For 85 years, the cinematic collaborations of Fred Astaire and Ginger Rogers have been dazzling audiences with their goofy spirit, irresistible romance, and exquisite dancing. Separate, the actors were clever, attractive, and full of good humor. Together, they became magnetic and simply gorgeous to watch. Nothing compares to any one of their dances, whether it’s the embodiment of heartbreak “Never Gonna Dance,” the cheeky playfulness of “I’ll Be Hard to Handle,” the outright silliness of “I’m Putting All My Eggs in One Basket,” or the devastatingly beautiful “Let’s Face the Music and Dance.”
Astaire and Rogers’s films are unique in the way that they’re all well-made films. Some movie partnerships have certifiable duds, but I don’t think that’s the case with Fred and Ginger. The plots may be flimsy from time to time, but you don’t care. The sets are always fabulous. The music is incredible, usually written just for the film and becoming standards in their own right. The supporting characters are riotously funny. The direction is never super fancy because the directors knew what the main attraction was. The verbal sparring between the two stars is always delightful, and, of course, the dancing is nothing short of superb.
While any day is a good day to watch one of their movies, I’ve come to associate the duo with Thanksgiving after TCM aired a marathon of their work on the holiday a few years ago. On a day when you’re giving thanks for all that you love, it just feels right to spend the day with Fred and Feathers, who have brought me more happiness and comfort than I could ever say. To further honor this tremendous screen team, I thought I’d share my personal ranking of their ten collaborations. I honestly appreciate all of them, but there are definitely some clear favorites…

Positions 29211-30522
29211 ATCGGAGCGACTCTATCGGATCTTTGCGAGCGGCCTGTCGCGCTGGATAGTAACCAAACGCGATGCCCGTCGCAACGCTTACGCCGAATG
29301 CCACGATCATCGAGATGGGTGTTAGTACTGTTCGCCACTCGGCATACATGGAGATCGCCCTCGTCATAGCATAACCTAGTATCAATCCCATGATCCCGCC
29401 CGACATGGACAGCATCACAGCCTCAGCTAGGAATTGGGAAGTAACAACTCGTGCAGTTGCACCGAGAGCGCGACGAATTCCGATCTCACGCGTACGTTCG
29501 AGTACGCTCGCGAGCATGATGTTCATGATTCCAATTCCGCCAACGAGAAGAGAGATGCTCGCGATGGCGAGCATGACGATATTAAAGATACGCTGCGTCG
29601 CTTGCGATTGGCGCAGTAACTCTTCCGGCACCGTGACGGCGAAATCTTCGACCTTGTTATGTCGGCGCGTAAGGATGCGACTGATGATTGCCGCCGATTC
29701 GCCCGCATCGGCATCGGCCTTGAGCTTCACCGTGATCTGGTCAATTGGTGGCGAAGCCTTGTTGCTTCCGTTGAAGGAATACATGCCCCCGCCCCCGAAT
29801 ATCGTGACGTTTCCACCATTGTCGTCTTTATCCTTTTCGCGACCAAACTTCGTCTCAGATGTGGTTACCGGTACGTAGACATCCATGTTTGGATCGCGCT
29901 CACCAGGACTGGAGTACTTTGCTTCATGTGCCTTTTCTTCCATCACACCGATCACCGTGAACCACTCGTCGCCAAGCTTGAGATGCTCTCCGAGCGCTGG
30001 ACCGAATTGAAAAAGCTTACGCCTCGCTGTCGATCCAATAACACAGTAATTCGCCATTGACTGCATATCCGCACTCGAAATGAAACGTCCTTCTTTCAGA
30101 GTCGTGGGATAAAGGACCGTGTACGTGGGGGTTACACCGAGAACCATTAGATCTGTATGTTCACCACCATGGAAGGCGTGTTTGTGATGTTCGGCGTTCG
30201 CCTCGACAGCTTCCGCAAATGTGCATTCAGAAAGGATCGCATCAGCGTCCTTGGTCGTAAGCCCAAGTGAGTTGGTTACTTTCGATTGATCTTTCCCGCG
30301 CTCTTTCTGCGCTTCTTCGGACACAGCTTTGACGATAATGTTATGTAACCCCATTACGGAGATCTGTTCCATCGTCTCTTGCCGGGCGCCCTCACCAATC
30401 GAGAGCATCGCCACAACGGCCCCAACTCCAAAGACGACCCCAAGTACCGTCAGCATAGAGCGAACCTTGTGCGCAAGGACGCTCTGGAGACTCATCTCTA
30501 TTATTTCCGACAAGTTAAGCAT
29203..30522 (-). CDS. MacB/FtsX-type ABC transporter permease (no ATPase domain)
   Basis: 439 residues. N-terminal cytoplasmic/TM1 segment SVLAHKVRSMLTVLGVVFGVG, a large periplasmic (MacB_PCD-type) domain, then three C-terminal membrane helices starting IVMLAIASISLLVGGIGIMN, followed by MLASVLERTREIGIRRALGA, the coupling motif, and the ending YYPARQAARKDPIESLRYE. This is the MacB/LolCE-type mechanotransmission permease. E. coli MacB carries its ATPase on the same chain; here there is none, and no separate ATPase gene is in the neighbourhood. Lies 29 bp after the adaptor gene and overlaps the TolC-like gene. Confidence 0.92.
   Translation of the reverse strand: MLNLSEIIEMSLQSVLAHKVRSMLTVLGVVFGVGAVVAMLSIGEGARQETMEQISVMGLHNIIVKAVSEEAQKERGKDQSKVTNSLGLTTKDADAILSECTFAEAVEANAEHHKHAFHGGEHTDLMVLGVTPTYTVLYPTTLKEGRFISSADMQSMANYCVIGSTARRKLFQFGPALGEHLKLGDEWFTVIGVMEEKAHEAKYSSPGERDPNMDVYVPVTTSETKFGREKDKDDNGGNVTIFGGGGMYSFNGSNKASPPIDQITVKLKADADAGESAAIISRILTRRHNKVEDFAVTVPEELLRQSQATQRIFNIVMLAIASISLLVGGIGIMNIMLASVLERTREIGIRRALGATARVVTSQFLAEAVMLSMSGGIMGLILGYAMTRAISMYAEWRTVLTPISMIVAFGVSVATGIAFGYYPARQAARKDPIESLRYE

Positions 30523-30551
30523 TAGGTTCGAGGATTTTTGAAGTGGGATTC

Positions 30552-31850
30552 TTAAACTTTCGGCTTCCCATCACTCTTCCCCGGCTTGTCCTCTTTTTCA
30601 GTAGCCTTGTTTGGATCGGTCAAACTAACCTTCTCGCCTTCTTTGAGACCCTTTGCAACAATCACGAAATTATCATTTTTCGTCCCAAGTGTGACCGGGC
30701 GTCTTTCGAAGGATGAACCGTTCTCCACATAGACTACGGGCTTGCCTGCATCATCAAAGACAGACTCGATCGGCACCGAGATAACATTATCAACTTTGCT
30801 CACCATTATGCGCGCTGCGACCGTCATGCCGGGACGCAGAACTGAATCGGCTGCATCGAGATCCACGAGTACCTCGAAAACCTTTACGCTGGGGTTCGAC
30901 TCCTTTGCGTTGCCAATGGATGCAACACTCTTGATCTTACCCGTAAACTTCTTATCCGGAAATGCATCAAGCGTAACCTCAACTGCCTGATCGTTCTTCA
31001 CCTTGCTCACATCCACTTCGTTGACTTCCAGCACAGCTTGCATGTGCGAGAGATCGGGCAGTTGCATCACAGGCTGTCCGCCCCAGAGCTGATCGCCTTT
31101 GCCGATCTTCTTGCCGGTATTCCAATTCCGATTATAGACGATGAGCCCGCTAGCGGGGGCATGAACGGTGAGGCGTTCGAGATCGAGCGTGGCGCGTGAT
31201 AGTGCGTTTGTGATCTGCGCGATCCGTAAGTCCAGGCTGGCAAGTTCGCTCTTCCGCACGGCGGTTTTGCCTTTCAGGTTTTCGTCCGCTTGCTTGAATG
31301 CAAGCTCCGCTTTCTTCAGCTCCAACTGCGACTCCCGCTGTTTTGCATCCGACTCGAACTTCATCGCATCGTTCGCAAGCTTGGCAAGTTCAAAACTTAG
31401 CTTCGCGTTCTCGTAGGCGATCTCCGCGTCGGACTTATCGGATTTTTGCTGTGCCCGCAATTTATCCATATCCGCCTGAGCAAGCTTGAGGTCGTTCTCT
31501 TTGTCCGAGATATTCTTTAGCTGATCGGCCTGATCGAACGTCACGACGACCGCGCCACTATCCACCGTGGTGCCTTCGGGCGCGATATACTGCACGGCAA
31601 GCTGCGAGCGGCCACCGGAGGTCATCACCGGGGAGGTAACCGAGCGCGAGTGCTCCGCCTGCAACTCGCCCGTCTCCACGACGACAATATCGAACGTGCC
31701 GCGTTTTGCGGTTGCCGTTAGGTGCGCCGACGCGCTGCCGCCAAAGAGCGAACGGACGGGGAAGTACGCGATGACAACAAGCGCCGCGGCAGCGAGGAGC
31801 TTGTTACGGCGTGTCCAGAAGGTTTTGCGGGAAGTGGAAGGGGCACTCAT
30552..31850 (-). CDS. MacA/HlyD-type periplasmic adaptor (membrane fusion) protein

10. Flying Down to Rio (1933)
The one that began it all. Flying Down to Rio was typical fare in the 1930s. It was a musical with pretty chorus girls, a love story, an exotic location, and outrageous ensemble dance numbers. But instead of fading in with the other musicals of its kind, Flying sticks out for one, or rather two, reasons: Fred and Ginger. The two had met before — Fred having helped with the choreography for Ginger’s Broadway hit Girl Crazy — and they had even dated a few times. But when they were onscreen together, something ignited. They absolutely steal the show from stars Gene Raymond and Dolores del Rio, despite having only one number together. That number, “The Carioca,” set in motion a historic partnership, but it’s also just a really good musical moment. Throughout the film, the couple’s chemistry blows away any of del Rio and Raymond’s. Thankfully, audiences agreed and we got the pairing of Astaire and Rogers for nine more films.
9. The Story of Vernon and Irene Castle (1939)